AKRONIn a world where one bad tire repair can cost a dealer millions of dollars, it's imperative that tire and service shops implement and follow pre-employment screening policies, said Kevin Rohlwing, senior vice president of training for the Tire Industry Association (TIA).
I think there's a lot more pre-employment screening today than there was 10 years ago, he told Tire Business. Ten years ago, we would've taken anybody that walked in the door that said they knew how to use a tire hammer and a spoon bar. I don't think that's the case anymore at all.
I think right now we're in a society and an industry where we're going to cover every base, he continued. It's just the world we live in. With insurance rates and everything else in terms of liability, dealers are looking to lessen every cost. They see these huge multi-million dollar awards in the trade publications and then wonder about the ones they don't hear about.
Some of the most important screening procedures for a dealer to implement are criminal record checks, credit checks, Department of Motor Vehicles (DMV) checks and drug tests, he said.
For the largest dealershipsthe ones with too much to losethe practice has become standard, Mr. Rohl-wing said.
For one technician in one store to make one mistake on the wrong day, and there's no test or background check on him, it plays out so poorly in front of a jury, he said. You don't want to say the industry is run by lawyers, but in a lot of ways it is because liability is so huge in the eyes of everybody that's running or owning a business.
Mr. Rohlwing pointed to General Motors Co. and the nearly 6 million vehicles it has recalled during the past two months. While car makers have to worry about problems that arise from the manufacturing process, tire and automotive service businesses are worried about everything elseif we don't get the lug nuts tightened, or we break a bead or if we don't repair the tire properly.
One of the best ways to mitigate these kinds of risks, he said, is to properly vet employees before they touch their first car. While pre-employment screening has seen substantial growth among small independent dealers, Mr. Rohlwing said it has not yet become an industry-wide practice.
On the commercial side, DMV checks are a necessity and have been for a long time, he said. Even 20 years ago, when Mr. Rohlwing was working for the former Rohlwing Brothers Inc.operated by his father Dan and uncle Ken before it was sold to Pomp's Tire Service Inc. in 2003the dealership did DMV checks on all of its drivers.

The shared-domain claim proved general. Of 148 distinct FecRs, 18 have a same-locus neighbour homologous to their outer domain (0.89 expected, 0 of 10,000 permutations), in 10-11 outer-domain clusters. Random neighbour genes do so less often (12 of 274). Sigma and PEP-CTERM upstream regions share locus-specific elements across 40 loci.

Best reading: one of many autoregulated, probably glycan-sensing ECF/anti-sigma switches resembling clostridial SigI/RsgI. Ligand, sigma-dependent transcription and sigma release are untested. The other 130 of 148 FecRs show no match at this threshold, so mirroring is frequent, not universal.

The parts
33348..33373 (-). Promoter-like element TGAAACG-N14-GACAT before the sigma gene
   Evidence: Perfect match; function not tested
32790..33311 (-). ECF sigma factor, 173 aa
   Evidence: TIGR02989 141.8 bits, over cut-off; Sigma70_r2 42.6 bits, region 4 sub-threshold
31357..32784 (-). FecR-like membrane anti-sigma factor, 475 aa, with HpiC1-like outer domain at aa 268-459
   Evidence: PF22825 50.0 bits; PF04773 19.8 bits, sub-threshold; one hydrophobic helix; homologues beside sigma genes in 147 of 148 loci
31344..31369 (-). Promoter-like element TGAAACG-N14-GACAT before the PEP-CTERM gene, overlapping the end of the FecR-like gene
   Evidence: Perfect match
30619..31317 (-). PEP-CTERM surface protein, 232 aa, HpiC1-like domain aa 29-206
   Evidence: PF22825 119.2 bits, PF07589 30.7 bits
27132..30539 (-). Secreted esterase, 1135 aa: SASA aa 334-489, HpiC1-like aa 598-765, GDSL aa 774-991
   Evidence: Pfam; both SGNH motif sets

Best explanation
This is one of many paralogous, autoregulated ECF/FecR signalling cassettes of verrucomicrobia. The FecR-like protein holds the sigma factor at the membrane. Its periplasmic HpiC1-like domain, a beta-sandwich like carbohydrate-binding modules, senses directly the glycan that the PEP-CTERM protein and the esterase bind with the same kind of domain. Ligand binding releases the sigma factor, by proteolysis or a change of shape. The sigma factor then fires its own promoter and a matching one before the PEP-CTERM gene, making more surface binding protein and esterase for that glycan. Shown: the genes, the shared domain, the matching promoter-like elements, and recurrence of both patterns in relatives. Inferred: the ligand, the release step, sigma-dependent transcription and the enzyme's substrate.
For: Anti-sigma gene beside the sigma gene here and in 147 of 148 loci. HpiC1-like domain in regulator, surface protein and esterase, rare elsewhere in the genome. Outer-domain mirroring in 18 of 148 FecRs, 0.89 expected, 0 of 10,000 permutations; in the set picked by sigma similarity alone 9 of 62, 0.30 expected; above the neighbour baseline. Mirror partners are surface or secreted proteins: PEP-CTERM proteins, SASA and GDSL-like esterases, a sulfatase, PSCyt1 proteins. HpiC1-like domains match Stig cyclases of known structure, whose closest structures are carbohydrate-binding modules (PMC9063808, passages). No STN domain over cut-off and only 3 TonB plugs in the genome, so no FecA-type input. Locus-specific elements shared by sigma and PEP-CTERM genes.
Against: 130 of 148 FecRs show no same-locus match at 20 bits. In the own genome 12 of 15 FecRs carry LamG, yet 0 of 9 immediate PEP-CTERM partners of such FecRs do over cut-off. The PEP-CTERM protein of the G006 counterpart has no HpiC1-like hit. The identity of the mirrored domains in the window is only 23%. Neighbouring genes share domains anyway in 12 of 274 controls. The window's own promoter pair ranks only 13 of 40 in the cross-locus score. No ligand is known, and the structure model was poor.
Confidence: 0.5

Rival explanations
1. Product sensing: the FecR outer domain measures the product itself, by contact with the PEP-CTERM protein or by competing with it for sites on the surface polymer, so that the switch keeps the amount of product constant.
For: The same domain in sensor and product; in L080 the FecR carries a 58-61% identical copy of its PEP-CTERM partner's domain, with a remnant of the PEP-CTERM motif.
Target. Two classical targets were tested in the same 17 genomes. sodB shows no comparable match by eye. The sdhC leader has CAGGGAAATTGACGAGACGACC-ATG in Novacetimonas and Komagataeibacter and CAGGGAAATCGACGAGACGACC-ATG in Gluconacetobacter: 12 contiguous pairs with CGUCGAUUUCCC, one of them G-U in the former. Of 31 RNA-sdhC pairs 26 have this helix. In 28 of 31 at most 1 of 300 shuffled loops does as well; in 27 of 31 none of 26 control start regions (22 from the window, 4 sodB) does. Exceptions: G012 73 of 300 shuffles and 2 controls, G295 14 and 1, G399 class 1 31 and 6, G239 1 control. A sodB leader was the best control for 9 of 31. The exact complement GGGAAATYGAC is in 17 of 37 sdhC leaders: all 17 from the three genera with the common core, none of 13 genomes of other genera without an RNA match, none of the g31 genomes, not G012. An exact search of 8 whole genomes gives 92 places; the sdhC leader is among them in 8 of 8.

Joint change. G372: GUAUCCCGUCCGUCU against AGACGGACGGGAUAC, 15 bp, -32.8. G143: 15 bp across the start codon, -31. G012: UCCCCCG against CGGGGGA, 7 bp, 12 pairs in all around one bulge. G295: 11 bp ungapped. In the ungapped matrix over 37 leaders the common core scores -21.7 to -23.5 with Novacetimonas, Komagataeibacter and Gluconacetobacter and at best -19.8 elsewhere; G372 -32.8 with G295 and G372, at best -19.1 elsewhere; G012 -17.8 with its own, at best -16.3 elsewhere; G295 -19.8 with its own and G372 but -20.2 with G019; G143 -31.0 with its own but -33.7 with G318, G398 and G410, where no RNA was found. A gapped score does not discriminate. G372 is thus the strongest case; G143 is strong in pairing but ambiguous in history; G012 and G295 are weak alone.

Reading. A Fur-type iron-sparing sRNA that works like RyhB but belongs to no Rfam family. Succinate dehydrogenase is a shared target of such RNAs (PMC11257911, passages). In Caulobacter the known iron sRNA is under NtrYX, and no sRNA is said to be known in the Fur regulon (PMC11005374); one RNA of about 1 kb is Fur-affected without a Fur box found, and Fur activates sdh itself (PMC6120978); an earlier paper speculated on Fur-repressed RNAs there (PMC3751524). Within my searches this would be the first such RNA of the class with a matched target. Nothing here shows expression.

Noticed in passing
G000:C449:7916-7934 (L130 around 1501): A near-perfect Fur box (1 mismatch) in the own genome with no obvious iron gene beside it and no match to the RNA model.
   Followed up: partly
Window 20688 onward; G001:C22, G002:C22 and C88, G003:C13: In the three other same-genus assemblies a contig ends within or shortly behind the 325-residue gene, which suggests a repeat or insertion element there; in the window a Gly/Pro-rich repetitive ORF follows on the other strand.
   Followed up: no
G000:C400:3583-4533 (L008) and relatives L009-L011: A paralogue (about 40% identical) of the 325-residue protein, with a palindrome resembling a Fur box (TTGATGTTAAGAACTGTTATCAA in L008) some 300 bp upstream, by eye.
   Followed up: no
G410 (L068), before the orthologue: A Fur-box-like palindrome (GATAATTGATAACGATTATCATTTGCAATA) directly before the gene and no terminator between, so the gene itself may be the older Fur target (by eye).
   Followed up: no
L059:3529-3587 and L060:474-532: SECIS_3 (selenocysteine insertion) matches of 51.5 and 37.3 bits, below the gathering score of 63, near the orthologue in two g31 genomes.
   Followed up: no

It did prevent people from being hired, and it did cause people to lose their jobs, he said. At that time, that was our biggest fearthat somebody would get in an accident in one of our trucks. Now, that'd be welcome. I'd be happy if that was the only bad thing that happened to me was my trucks got in a few fender benders.
Mr. Rohlwing said while pre-employment drug screening has become an industry standard, many dealers are afraid to implement random drug tests.
The fact is that if they drug test, they're going to lose people, and it's just the bottom line, he said. That's the way our industry is. The type of people that we hire, it's manual labor, and when you're hiring manual labor then there's going to be a higher incidence of that in a lot of cases.
I do know dealers that are just like, 'Look, I'm flat out afraid to drug test, because I'm afraid if I drug test I'm gonna lose some really good people. I'd rather just keep really good people if it doesn't affect my work, and I don't see it, I don't hear it, whatever they're doing they're doing privately and it's not affecting their performance when they're here,' he said.
Mr. Rohlwing suggested that, at a minimum, dealers implement a policy requiring new hires to take a pre-employment drug test, and to make sure to test employees in the event of an on-the-job accident. Ultimately, businesses should consult with their insurance providers to determine the best course of action for reducing risks and costs, he added.
We're not experts in risk management in that regard, he said. For a company to implement a drug testing program, there has to be the benefits of it and the benefits are going to be on the insurance side.
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